The reinvention of the automobile: U.S. Transportation Secretary Ray LaHood said that’s what’s happening in Ann Arbor with the launch of the Department of Transportation’s vehicle-to-vehicle communication experiment Tuesday.
The joint project with the University of Michigan, launched with 2,800 vehicles, is part of a $25 million federal effort to increase roadway safety.
U-M’s Transportation Research Institute recruited 2,800 residents and drivers for local companies to create one of the largest smart car deployments ever conducted. Wireless communication devices are installed in volunteer vehicles and dozens of local roadside and intersection locations.The vehicle devices will audibly and visually alert drivers when safety threats approach.
“This is an experience that cannot be duplicated in any lab,” said U.S. Secretary for Transportation Ray LaHood. “We’re taking a major step forward in understanding cutting-edge technology tools that offer a real promise of making our roads safer.
Vehicles talking to vehicles: Who would have ever thunk it?” he added.
LaHood compared vehicle-to-vehicle innovation to the development of the seatbelt and the airbag.
But unlike the seatbelt and airbag, wireless technology has the ability to not only increase vehicle safety, but decrease traffic. The technology can communicate with wireless devices embedded in intersections and on roadways and warn drivers about traffic and suggest alternate routes.
“Wouldn’t it be kind of fun if your vehicle told that red light to turn green, well that’s what we’re talking about,” he said.
500 cars have already been outfitted with the technology and the others will get the devices throughout the year. Roughly 70 cars are new models from eight different auto companies and are already embedded with communication devices.
The yearlong pilot will offer researchers the opportunity to understand how effective visual and audio safety warnings are and how reliable various wireless technology devices are. Systems will be researched and their use refined, and at the end of the year, data on prevention and vehicle communications will be presented to the U.S. Department of Transportation.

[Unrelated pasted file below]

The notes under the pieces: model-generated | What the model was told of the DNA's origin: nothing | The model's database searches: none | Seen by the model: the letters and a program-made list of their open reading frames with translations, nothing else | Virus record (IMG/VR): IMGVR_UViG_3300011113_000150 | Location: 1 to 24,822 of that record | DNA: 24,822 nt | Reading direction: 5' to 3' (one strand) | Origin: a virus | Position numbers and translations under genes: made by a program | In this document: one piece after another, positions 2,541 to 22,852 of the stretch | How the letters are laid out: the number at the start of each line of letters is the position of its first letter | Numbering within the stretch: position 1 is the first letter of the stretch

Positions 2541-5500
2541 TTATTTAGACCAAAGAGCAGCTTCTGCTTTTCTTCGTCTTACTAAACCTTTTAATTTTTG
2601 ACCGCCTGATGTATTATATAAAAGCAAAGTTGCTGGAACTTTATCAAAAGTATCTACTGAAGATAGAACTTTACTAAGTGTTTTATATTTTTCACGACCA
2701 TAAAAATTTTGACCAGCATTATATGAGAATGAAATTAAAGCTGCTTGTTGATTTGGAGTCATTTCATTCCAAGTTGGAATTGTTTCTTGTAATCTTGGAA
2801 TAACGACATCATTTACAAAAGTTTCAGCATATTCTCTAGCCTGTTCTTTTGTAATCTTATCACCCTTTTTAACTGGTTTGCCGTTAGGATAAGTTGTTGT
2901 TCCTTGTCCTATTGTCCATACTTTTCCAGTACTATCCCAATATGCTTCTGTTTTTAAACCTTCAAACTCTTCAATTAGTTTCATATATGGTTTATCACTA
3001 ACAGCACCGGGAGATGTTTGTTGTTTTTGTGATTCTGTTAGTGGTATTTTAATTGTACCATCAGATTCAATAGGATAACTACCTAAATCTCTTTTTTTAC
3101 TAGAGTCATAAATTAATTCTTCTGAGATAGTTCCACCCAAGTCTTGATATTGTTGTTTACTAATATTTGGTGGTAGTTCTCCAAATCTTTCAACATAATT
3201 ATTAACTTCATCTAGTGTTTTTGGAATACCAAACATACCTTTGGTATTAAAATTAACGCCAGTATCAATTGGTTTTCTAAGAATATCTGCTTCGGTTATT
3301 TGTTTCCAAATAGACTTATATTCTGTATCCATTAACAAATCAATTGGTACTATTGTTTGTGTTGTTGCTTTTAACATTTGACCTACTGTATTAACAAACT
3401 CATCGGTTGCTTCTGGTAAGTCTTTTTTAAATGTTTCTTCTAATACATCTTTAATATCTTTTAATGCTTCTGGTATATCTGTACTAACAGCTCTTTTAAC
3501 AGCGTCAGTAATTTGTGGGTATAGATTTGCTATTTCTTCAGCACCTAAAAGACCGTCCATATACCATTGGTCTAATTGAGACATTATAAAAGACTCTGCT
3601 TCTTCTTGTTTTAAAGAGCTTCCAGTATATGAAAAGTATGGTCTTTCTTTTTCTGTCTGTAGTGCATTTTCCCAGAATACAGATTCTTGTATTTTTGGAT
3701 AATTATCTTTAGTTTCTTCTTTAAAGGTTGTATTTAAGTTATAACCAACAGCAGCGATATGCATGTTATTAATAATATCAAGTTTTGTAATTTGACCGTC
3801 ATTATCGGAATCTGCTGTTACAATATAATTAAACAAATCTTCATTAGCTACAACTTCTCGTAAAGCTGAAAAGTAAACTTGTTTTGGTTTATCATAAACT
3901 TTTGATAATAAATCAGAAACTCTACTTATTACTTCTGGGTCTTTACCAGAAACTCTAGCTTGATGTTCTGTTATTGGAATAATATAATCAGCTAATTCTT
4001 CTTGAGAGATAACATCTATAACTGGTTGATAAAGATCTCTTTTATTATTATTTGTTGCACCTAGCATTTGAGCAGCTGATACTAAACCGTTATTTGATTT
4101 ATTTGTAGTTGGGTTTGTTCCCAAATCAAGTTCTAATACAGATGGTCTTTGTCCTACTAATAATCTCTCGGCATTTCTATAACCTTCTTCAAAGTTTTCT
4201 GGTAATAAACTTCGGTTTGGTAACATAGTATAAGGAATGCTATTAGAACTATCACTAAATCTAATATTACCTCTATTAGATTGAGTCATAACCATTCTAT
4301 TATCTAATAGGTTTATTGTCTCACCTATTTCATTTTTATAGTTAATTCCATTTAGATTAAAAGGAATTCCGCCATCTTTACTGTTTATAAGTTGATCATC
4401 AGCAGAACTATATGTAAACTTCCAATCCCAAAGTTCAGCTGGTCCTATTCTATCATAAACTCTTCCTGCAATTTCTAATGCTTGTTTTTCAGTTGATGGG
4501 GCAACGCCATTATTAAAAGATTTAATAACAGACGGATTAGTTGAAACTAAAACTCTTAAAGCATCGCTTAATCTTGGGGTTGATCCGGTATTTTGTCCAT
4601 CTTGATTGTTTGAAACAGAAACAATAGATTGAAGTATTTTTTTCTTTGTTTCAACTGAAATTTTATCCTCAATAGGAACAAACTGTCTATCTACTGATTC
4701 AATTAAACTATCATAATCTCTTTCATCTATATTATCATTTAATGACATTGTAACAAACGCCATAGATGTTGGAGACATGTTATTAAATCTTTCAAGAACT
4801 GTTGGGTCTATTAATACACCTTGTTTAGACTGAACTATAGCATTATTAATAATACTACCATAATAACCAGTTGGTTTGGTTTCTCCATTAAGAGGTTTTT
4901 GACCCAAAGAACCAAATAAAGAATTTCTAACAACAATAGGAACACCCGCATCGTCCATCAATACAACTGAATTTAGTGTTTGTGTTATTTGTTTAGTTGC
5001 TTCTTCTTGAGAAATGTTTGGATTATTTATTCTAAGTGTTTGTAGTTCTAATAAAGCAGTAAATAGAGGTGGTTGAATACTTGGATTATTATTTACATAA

The DOT plans to work with researchers and industry leaders to see if a possible mandate requiring vehicle-to-vehicle communication is feasible, in terms of both technology and cost.
“No decision has been made about making a rule; we are announcing a research project that will deliver data… and then we’ll see where it takes us,” LaHood said Tuesday, later adding: “This technology has great promise. The promise really lies in will it save a lot of injuries? Will it save a lot of lives?”
What is clear is the deployment affirms the significance of southeast Michigan in the continued development of the auto industry.
It also puts a national spotlight on U-M and on Ann Arbor, which not only has thousands of volunteers participating in the study but is expecting to be a hub for vehicle and communication device manufacturers who are part of the study.
“It makes great sense that the safety pilot is happening in Michigan, after all the automotive industry is part of our DNA. The industry was born and took root here,” said Stephen Forrest, U-M vice president for research.Though U-M nabbed the federal contract to host the deployment, it competed with several schools in other regions for the project. The project’s placement in Michigan was vital in affirming the continued presence of serious and cutting-edge auto development in the state. UMTRI director Peter Sweatman called “this region the center of the auto world.”
“This is the right place” for the project, he said.
Added Forrest: “We are leading the way in many key areas of research that are literally reiniventing the automobile.”
Of the eight companies providing wireless infrastructure for the deployment, three —including Denso International of America, DGE Inc., and Auto Talks Ltd.— are either based in Michigan or have U.S. headquarters in Michigan. Additionally a handful of Detroit-area auto companies are providing 128 new vehicles with integrated wireless systems for the study.